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Impossible, Imaginary, Useful Complex Numbers By:Daniel Fulton Eleventeen Seventy-twelve.

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Presentation on theme: "Impossible, Imaginary, Useful Complex Numbers By:Daniel Fulton Eleventeen Seventy-twelve."— Presentation transcript:

1 Impossible, Imaginary, Useful Complex Numbers By:Daniel Fulton Eleventeen Seventy-twelve

2 Where did the idea of imaginary numbers come from Descartes, who contributed the term "imaginary" Euler called sqrt(-1) = i Who uses them Why are they so useful in REAL world problems

3 Remember Cardanos cubic x 3 + cx + d = 0

4 Finding imaginary answers

5 Inseparable Pairs Complex numbers always appear as pairs in solution Polynomials cant have solutions with only one complex solution

6 Imaginary answers to a problem originally meant there was no solution As Cardano had stated is either +3 or –3, for a plus [times a plus] or a minus times a minus yields a plus. Therefore is neither +3 or –3 but in some recondite third sort of thing. Leibniz said that complex numbers were a sort of amphibian, halfway between existence and nonexistence.

7 Descartes pointed out To find the intersection of a circle and a line Use quadratic equation Which leads to imaginary numbers Creates the term imaginary

8 Wallis draws a clear picture

9 Again lets look at We got So Is There A Real Solution to this equation

10 But Wait This Cant Be True I say let us try x = 4

11 Thank Heavens For Bombelli He used plus of minus for adding a square root of a negative number, which finally gave us a way to work with these imaginary numbers. He showed

12 The Amazing The Wonderful Euler Relation

13 Useful complex

14 Learning to add and multiply again 1.Adding or subtracting complex numbers involves adding/subtracting like terms. (3 - 2i) + (1 + 3i) = 4 + 1i = 4 + i (4 + 5i) - (2 - 4i) = 2 + 9i (Don't forget subtracting a negative is adding!) 2.Multiply: Treat complex numbers like binomials, use the FOIL method, but simplify i 2. (3 + 2i)(2 - i) = (3 2) + (3 -i) + (2i 2) + (2i -i) = 6 - 3i + 4i - 2i 2 = 6 + i - 2(-1) = 8 + i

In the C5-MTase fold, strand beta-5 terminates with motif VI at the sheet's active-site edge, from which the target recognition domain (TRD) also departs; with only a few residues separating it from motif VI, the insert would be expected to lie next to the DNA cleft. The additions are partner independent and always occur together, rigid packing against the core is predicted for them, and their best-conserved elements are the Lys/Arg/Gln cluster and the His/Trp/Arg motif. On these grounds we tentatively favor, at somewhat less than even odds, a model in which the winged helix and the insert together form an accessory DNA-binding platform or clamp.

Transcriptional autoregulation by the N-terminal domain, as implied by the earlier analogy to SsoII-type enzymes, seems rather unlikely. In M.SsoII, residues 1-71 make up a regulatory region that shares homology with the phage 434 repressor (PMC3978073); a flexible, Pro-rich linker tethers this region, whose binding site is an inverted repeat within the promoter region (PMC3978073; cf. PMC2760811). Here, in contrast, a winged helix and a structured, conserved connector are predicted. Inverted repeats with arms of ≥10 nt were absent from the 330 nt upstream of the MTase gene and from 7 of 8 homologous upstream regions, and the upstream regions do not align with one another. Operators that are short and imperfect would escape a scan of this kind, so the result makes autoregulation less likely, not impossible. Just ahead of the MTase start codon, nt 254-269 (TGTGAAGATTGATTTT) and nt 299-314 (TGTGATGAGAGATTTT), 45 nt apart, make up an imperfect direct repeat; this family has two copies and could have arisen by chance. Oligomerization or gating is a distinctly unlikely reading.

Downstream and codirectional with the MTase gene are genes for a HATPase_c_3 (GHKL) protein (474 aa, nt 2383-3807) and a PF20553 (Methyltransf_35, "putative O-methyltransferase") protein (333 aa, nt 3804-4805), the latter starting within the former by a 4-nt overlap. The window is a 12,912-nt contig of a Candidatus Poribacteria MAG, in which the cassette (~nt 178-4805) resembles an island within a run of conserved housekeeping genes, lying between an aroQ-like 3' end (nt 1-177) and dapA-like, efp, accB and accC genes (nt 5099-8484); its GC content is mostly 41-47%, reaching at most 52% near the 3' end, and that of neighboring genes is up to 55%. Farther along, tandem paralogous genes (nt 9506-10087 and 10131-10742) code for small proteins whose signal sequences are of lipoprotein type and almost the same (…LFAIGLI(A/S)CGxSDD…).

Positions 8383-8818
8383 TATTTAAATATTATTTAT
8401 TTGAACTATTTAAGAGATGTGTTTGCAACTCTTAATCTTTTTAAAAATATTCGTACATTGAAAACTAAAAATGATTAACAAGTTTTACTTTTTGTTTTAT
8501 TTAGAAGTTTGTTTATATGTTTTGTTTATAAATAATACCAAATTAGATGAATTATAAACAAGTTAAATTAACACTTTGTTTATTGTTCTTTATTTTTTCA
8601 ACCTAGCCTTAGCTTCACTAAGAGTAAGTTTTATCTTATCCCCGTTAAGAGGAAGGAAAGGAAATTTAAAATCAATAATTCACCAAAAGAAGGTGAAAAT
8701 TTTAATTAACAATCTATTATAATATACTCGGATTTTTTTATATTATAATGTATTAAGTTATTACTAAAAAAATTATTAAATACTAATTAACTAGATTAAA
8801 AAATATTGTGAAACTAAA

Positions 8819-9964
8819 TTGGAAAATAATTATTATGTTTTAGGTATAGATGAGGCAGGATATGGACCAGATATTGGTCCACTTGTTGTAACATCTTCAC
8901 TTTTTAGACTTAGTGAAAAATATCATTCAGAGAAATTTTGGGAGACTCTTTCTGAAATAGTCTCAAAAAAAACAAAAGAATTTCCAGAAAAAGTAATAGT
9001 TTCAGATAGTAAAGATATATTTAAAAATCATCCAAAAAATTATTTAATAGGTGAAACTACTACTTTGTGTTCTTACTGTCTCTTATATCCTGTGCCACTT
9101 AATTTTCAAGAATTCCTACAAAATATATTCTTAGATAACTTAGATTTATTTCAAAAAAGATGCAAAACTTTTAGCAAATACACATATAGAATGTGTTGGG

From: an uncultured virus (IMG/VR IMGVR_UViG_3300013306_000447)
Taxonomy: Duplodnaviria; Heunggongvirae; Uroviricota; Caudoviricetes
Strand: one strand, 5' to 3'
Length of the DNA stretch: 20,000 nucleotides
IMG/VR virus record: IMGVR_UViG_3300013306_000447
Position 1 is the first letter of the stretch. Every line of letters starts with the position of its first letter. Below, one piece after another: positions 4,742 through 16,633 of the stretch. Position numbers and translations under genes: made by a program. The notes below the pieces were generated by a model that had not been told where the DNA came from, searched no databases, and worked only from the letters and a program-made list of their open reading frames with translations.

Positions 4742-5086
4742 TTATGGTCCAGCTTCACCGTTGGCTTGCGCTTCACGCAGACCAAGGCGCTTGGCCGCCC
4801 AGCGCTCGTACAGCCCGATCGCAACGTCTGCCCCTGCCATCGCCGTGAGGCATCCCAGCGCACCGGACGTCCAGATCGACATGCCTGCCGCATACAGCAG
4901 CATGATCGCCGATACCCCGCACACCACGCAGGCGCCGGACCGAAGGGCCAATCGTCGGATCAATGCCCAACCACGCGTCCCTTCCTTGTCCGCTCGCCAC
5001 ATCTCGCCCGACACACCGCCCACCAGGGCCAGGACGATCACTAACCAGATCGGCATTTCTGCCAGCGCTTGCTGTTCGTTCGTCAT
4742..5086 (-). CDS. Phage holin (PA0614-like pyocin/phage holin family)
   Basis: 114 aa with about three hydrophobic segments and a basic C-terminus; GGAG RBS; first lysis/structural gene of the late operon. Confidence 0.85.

15 Imaginary to an Imaginary is 1 1 i i i 2 e i 2 2 e i 2 e 0.2078.

16 Why are complex numbers so useful Differential Equations To find solutions to polynomials Electromagnetism Electronics(inductance and capacitance)

17 So who uses them Engineers Physicists Mathematicians Any career that uses differential equations

18 Timeline Brahmagupta writes Khandakhadyaka665 Solves quadratic equations and allows for the possibility of negative solutions. Girolamo Cardanos the Great Art1545 General solution to cubic equations Rafael Bombelli publishes Algebra1572 Uses these square roots of negative numbers Descartes coins the term "imaginary1637 John Wallis1673 Shows a way to represent complex numbers geometrically. Euler publishes Introductio in analysin infinitorum1748 Infinite series formulations of e x, sin(x) and cos(x), and deducing the formula, e ix = cos(x) + i sin(x) Euler makes up the symbol i for 1777 The memoirs of Augustin-Louis Cauchy1814 Gives the first clear theory of functions of a complex variable. De Morgan writes Trigonometry and Double Algebra1830 Relates the rules of real numbers and complex numbers Hamilton 1833 Introduces a formal algebra of real number couples using rules which mirror the algebra of complex numbers Hamilton's Theory of Algebraic Couples 1835 Algebra of complex numbers as number pairs (x + iy)

19 References (Photograph of Thinker by Auguste Rodin (Wallis picture) Nahin, Paul. An Imaginary Tale Princeton, NJ: Princeton University Press,1998 Maxur, Barry. Imagining Numbers. New York:Farrar Straus Giroux, 2003 Berlinghoff, William and Gouvea, Fernando. Math through the Ages. Maine: Oxton House Publishers, 2002 Katz, Victor. A History of Mathematics. New York: Pearson, 2004

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